Virent and Shell Announce Viable Biogasoline Process

Virent and Shell Announce Viable Biogasoline Process

Catalytic process produces hydrocarbons from sugars for a "fungible" gasoline product.

Virent Energy Systems and Royal Dutch Shell say their collaboration has produced a pilot plant capable of producing gasoline from sugar water through a catalytic process similar to that found in current crude-oil-based refining processes.

The "BioForming" process is in use at Virent's Eagle Production facility in Madison, Wis., and has produced 130 liters of gasoline per day from various feedstocks such as sugar cane, sugar beets, corn and deconstruction of biomass. The technology uses 5 and 6 carbon sugars, diasaccharides and other water-soluble polysaccharides from sugar and energy crops, as well as agricultural and forestry wastes as possible feedstocks.

Lee Edwards, Virent CEO, says the process is readily capable of producing the same molecules that are in your car's gasoline tank today from sugar from all of the sources equally well. "This would allow us to use our product directly with current crude-oil-based gasolines and seamlessly use the same infrastructure of storage tanks, pipelines and transport trucks the current fuel delivery system . Since the end product is the same as those derived from crude oil, the cost of blending and delivering the sugar-based fuels is low. It's also price competitive with current petroleum-based fuels, he explained.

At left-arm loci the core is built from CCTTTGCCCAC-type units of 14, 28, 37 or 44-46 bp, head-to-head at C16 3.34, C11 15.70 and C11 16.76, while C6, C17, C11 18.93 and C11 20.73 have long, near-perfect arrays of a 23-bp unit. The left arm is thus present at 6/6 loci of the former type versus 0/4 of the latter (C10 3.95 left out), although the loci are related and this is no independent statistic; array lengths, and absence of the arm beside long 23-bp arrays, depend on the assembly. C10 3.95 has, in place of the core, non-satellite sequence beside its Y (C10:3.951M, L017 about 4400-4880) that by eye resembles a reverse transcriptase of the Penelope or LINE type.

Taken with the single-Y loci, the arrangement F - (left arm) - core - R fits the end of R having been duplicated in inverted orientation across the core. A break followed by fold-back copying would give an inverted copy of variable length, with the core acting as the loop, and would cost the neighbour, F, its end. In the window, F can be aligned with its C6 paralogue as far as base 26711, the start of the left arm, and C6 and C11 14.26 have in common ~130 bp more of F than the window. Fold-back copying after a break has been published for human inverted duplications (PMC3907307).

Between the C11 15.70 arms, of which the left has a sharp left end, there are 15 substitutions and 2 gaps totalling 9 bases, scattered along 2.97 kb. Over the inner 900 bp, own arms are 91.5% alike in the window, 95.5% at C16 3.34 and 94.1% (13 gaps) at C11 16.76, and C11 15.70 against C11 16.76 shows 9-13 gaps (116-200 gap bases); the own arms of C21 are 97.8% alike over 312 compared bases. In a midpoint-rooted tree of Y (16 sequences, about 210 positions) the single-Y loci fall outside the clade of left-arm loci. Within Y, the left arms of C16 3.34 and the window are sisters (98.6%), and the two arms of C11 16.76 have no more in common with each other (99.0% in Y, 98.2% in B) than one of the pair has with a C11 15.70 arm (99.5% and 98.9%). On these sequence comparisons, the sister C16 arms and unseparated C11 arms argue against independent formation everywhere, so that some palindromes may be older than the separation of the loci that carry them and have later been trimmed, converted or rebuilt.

In addition, the process can be tweaked to produce jet fuel and diesel fuel in the same manner.

Shell officials say the process is economically promising enough to make a commercial (100 million gallons per day) operation feasible within the next five years.

Developed by Virent with support from Shell, Cargill and Honda, the process yields a high-octane gasoline that has performed well in laboratory engine tests. Fleet testing begins later this year for observation of drivability and "real life" use over the road.

"Atmospheric emissions from the process are roughly 50% of that of petroleum-based fuel production, and since there is very little sulfur in the sugar-based feedstocks, tailpipe emissions would be assumed to be quite clean," says Randy Cortright, Virent founder and chief technical officer.

Edwards explains the new process benefits from the fact gasoline, jet fuel and diesel fuel separate naturally from water separate, which saves the significant energy used in the "ethanol process" to remove water from alcohols. And, the byproduct of BioForming is a net production of water.

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